In the middle of uncertainty about the Rhodesian situation, with the peace talks having broken down and an escalation of the guerrilla war being threatened, Rhodesia's President John Wrathall has publicly honoured Air Force personnel for battle valour.
In the middle of uncertainty about the Rhodesian situation, with the peace talks having broken down and an escalation of the guerrilla war being threatened, Rhodesia's President John Wrathall has publicly honoured Air Force personnel for battle valour. At ceremony in Salisbury, the Rhodesian capital, on Wednesday (16 February), President Wrathall presented nine medals for 'gallantary and distinguished service' to past and present members of the Rhodesian Air Force for deeds of personal bravery in the war.
SYNOPSIS: The ceremony come within days of the latest Rhodesian Government communique announcing guerrilla deaths -- eleven killed, including three black women travelling with them in a two-day period. This brought the total, according to the Government, to almost 2,500 during the four-year war. The presentations also followed only three days after Defence Minister, Reginald Cowper, resigned from the Government in a row about extending military call-up for Rhodesia's already hard-pressed man-power.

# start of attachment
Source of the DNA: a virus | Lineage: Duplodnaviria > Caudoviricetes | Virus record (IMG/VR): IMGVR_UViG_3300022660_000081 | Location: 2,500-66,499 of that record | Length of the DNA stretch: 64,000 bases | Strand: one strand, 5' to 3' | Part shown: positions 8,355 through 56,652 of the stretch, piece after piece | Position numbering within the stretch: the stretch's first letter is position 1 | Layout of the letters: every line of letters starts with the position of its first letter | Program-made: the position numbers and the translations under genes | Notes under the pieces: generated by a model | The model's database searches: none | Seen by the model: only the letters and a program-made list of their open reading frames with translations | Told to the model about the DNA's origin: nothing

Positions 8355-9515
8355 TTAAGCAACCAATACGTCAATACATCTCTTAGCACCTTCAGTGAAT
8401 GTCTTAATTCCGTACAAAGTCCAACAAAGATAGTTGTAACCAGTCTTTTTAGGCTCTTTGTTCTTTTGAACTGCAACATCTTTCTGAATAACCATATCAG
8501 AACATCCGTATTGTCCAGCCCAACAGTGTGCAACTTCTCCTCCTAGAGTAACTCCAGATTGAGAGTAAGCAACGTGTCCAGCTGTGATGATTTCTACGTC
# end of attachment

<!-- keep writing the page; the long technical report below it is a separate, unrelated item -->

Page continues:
The man-power situation has become critical within the past few months, with leaders of commerce and industry warning the Government that any further extensions of the reserve call-up would cripple the nation's economic base -- which financially supports the war effort. Military chiefs, on the other hand, have ben pressing the Government for more reserves to add to the nations's 12,000 regular forces in all sections, including police. The total man-power, including reserves, is some fifty thousand, almost all whites. Put another way, this includes almost every able-bodied white man between the ages of 16 and 60. Mr. Cowper resigned after a row which followed his announcement of a further call-up.
Meanwhile, the Rhodesian Air Force has suffered equipment shortages since South Africa withdrew military support last year.